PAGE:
2019 is ending as it began: With women and allies of all genders leading the charge for political change.
From the streets of Chile and Iraq to Lebanon and Hong Kong, women have been at the forefront of protest movements against crippling economic inequality, corruption and inept government. They are braving live fire, rubber bullets, arrest and even death to deliver one message to those running the show, namely largely men: It’s time for them to go.
All over the world, 2019 has also been a year of amplifying alliances between feminist and LGBTQ communities: from legal battles over trans rights and same-sex marriage in Kenya and India, to the movements pushing for more inclusive and gender-neutral language in places such as Germany and Argentina.
It has been a year of loss and pain, as well: the countless women killed by their husbands, brothers and acquaintances; the tragedies of gender-based violence that occasionally generate international headlines before all too often fading from public memory.
Here’s a look back at 10 key wins, losses and patriarchy-smashing moments for women’s rights and gender equality in what has been a roller coaster of a year.
1. Women in India made history by entering a men-only temple
The year kicked off with women literally standing hand-in-hand to demand equality.
Millions of devotees each year visit the Sabarimala temple in the southern Indian state of Kerala. That is, except women of menstruating age, who were denied entry as part of a long-standing tradition.
In 2018, India’s Supreme Court ruled this prohibition illegal. Several women and girls attempted to enter after the ruling was issued but were pushed back by men, who subjected them to harassment and threats.
So, on Jan. 1, women in Kerala joined hands and formed a symbolic wall stretching over 300 miles to protest what they decried as discrimination.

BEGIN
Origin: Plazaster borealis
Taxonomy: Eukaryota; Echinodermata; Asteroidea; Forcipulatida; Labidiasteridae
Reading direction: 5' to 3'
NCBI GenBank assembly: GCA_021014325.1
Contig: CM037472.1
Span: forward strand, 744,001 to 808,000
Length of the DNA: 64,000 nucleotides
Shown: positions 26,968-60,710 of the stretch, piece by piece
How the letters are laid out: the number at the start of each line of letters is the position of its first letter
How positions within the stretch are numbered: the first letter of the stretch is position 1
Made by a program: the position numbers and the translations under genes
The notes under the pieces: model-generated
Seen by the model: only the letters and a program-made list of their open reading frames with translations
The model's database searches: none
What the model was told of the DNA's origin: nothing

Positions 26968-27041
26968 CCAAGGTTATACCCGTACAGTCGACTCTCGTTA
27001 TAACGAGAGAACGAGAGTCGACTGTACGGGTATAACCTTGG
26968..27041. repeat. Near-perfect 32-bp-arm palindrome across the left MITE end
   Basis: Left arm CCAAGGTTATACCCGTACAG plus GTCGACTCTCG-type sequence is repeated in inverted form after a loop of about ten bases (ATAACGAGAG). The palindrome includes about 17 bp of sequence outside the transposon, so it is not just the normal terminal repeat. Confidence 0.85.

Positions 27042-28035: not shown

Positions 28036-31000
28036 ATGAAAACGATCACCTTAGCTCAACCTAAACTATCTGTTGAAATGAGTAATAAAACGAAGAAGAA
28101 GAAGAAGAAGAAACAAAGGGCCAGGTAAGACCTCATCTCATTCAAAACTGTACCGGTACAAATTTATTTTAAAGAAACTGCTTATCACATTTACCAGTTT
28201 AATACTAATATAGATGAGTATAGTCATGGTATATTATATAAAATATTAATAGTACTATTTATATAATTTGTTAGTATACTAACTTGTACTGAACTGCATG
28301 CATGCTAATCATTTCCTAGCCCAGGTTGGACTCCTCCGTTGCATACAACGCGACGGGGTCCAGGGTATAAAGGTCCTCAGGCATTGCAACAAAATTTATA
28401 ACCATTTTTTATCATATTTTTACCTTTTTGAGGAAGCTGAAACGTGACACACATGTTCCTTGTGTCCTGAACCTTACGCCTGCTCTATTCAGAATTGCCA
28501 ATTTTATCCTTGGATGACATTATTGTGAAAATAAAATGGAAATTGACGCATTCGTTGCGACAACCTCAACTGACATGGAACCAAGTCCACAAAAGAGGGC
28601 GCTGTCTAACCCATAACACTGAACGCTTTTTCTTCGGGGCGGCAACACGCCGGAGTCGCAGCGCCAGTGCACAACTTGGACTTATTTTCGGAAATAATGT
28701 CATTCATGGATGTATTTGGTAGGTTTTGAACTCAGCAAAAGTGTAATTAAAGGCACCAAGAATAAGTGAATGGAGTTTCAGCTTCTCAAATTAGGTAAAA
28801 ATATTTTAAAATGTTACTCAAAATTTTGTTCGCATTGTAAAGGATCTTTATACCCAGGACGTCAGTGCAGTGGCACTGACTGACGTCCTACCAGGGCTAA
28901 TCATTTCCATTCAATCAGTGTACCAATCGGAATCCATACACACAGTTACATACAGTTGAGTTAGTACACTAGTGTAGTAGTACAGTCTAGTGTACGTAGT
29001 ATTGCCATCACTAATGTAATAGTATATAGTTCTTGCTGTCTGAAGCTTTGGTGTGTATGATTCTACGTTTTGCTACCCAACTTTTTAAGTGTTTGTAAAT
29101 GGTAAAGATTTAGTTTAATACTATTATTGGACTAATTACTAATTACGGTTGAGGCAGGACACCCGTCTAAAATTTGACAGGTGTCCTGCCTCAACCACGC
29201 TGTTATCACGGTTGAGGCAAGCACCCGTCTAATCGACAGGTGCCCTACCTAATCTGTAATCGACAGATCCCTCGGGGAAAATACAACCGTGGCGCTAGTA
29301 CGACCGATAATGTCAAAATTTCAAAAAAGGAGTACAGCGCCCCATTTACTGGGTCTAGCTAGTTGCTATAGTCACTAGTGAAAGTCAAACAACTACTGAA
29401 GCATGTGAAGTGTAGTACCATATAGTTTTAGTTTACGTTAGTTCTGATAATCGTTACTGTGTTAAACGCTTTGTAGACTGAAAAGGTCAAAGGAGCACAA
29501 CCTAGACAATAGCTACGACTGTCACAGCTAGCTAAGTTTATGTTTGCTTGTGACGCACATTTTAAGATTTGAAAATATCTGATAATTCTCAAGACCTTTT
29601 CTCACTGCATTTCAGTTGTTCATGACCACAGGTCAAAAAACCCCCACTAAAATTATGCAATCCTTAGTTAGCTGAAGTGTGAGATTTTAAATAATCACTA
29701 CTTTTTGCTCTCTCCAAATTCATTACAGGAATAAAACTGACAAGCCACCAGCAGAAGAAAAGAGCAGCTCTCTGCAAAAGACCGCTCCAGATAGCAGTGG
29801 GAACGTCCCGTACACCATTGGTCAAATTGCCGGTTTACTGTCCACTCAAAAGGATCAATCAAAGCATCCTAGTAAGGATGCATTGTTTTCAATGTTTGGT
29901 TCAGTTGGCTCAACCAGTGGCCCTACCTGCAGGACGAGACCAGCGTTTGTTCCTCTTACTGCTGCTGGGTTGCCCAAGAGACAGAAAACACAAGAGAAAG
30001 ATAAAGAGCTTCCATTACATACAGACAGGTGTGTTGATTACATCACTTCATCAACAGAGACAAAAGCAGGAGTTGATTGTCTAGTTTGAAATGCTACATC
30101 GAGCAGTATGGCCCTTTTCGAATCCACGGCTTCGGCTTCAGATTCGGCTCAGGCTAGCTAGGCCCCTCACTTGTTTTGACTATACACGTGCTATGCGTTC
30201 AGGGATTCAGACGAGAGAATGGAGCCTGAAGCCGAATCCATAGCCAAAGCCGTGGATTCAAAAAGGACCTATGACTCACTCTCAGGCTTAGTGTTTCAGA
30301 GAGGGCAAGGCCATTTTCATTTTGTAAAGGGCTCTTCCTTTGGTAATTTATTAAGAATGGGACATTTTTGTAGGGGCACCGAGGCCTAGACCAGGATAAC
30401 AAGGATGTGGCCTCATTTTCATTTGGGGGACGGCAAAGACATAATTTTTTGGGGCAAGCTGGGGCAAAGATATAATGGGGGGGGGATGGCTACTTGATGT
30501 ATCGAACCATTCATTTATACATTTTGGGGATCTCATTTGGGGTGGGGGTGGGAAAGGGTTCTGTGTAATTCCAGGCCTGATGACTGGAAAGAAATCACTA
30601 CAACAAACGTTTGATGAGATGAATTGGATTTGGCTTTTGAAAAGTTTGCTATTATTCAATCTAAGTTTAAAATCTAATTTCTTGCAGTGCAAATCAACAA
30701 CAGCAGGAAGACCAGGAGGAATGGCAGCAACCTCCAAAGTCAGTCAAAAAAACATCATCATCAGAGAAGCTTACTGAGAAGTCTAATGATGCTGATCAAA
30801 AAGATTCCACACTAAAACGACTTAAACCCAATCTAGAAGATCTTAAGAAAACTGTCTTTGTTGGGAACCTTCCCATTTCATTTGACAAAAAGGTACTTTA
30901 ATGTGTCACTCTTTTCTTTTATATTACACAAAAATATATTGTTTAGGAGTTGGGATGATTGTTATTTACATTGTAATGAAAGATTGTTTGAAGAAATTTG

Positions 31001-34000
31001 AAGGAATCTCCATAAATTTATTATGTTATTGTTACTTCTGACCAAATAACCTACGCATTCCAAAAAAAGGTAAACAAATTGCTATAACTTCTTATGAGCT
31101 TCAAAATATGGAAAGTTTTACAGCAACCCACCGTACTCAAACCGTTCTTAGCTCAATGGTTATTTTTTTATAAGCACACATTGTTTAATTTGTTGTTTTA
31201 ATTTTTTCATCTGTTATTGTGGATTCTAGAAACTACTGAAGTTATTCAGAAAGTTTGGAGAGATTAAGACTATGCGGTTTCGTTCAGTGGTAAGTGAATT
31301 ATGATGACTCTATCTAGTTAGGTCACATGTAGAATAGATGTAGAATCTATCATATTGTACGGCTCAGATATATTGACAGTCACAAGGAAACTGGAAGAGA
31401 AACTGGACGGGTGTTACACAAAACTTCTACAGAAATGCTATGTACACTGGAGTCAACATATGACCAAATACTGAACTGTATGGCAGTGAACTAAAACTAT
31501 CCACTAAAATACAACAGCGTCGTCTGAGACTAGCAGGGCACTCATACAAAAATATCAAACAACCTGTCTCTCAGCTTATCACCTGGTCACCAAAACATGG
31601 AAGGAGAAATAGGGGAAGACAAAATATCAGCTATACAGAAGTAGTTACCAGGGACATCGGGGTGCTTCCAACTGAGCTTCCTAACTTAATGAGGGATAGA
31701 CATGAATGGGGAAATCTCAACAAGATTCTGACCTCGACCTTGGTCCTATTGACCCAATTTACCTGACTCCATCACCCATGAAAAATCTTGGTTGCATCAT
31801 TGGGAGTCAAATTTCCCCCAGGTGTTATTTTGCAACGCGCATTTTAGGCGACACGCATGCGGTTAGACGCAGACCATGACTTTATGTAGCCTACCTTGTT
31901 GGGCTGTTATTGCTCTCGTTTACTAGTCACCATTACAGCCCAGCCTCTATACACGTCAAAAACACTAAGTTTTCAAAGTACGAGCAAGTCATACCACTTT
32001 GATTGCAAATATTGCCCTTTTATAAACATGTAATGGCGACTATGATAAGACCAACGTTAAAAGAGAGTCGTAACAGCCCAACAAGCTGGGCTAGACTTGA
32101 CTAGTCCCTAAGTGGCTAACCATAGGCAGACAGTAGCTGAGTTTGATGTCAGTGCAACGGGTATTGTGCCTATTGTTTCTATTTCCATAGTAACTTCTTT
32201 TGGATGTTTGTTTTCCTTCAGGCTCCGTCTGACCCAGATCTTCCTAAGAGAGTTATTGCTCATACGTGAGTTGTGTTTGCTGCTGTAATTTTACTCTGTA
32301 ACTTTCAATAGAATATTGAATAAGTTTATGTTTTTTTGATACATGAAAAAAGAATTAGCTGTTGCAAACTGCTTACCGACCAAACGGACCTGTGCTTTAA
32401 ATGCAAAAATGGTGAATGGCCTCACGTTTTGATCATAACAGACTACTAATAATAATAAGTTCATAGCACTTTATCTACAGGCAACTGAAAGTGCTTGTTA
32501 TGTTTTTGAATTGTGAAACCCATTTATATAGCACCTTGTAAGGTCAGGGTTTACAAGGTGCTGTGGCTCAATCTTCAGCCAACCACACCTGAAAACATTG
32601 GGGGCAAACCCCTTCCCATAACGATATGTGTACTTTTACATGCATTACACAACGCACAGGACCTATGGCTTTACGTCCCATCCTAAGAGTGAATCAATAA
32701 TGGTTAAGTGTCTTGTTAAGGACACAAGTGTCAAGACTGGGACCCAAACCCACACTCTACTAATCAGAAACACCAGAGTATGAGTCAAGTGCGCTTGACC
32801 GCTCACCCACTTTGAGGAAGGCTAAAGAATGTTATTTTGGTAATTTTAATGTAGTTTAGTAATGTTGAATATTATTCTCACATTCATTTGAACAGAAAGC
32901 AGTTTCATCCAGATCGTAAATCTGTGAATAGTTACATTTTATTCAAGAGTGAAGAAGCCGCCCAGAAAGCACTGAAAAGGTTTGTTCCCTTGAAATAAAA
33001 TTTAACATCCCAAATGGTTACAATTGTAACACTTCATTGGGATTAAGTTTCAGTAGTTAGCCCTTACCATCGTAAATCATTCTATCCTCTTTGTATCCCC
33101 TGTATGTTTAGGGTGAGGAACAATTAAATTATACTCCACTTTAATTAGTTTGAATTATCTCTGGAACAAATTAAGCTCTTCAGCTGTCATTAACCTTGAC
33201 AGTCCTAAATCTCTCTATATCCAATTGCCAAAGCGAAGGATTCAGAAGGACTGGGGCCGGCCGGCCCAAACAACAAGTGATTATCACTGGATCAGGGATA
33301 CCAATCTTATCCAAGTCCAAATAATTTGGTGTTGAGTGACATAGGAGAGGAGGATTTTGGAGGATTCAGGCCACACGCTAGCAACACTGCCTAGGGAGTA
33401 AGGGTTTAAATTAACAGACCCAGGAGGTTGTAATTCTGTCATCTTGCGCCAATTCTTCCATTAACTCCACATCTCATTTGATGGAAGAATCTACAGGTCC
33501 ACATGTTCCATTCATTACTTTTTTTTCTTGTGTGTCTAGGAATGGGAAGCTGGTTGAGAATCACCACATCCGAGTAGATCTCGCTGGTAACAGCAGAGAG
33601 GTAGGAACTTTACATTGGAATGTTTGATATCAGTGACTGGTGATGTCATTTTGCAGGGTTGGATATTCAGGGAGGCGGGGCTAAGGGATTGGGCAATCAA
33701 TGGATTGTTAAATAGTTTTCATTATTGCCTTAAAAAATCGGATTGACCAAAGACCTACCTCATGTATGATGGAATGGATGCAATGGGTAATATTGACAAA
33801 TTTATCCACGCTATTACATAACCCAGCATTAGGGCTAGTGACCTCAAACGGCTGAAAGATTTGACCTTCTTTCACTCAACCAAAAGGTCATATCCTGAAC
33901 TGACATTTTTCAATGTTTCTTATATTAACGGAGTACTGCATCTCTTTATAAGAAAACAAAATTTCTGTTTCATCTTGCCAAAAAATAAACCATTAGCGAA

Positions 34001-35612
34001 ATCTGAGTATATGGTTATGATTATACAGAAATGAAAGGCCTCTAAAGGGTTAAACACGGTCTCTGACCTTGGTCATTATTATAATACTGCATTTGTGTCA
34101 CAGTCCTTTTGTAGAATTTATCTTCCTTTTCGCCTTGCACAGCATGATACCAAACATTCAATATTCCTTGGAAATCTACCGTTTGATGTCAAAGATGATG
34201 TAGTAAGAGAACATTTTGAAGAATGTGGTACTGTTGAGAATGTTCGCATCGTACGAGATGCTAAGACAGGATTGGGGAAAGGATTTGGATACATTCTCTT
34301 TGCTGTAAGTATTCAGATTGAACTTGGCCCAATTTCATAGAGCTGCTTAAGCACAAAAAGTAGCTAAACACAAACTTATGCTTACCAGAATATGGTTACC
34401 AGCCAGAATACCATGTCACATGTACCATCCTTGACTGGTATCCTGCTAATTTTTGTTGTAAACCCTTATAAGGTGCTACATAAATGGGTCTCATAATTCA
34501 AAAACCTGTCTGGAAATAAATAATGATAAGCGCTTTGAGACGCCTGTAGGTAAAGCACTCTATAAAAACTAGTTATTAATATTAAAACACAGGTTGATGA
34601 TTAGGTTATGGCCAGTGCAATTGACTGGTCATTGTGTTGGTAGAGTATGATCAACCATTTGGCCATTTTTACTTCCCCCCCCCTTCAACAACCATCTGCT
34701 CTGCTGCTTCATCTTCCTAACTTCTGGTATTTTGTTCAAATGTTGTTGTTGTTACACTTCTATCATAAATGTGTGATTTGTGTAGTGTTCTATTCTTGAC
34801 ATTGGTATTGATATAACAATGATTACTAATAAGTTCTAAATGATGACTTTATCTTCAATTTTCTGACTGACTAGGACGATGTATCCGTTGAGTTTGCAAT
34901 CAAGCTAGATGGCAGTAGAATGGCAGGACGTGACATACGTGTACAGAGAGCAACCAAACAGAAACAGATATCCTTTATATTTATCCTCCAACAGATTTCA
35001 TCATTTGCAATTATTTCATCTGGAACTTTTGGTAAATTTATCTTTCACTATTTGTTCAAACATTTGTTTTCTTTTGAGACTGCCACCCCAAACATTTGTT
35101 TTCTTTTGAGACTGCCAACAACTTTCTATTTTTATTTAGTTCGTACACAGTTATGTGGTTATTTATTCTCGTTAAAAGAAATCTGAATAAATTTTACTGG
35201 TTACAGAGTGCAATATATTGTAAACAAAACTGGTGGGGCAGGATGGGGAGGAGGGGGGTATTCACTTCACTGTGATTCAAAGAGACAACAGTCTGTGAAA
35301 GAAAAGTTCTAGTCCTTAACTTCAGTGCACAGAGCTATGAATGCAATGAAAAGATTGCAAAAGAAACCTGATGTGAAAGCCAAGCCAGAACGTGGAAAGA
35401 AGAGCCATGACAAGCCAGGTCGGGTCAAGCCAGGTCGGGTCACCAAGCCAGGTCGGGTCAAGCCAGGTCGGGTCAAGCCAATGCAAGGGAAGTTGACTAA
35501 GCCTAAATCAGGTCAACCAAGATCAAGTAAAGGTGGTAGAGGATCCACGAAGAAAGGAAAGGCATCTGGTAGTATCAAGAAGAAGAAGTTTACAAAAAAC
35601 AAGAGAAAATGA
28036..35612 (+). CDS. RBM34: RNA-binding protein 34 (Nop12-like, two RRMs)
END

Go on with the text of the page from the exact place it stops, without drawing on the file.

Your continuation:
Two days later, at 3:45 a.m., two women finally pushed their way into the temple: A university professor and a government employee, both in their 40s, entered the inner sanctum of the Sabarimala temple. Their presence set off clashes between protesters and police in the state capital. One of the women’s family members disowned her.
It was a historic step forward in both the battle for women’s rights and religious freedoms in India, which in recent years has experienced a surge in Hindu nationalism. But there have been steps backward since.
Opponents are appealing the court ruling. And in November, seven women were attacked, including with chili spray, when trying to enter the temple.
2. Canada finally acknowledged its ‘genocide’ of indigenous women
Canada’s 1.6 million indigenous people already knew something was wrong. For decades, their women and girls have gone missing, either vanishing or being killed at alarming rates. Police showed little interest in solving the cases. No one in power was listening.
2019 brought bittersweet clarity. In January, a commission appointed by the government to investigate the phenomenon released its results: The report found what amounts to a “race-based genocide” of Canada’s indigenous women and girls, who remained “under siege.”
“Genocide is the sum of the social practices, assumptions and actions detailed within this report,” the 1,200-page report concluded. It detailed how “appalling apathy” mixed with “colonialist structures” left these women and girls tragically unprotected.
3. Kenya’s Supreme Court upheld ban on same-sex relations
Kenya was at a critical fork in the road this year: Would it join South Africa to become only the second African country to legalize same-sex marriage, or would the Supreme Court uphold a British colonial-era law outlawing sodomy and same-sex relations?
In the end, the court chose the latter: In May, it ruled that Kenya’s law banning gay sex and criminalizing same-sex relations with up to 14 years in jail did not violate the defendants’ constitutional rights.
Activists hope that Kenya’s Court of Appeals, which is higher than the Supreme Court, will hear their appeal. In the meantime, they will keep organizing and living their lives.
Worldwide, same-sex relationships are banned in more than 70 countries, almost half of which are in Africa.
4. When women in the Middle East rallied for equality in inheritance and citizenship laws
The future of the Middle East is quietly being shaped by a female-led struggle over inheritance and citizenship laws.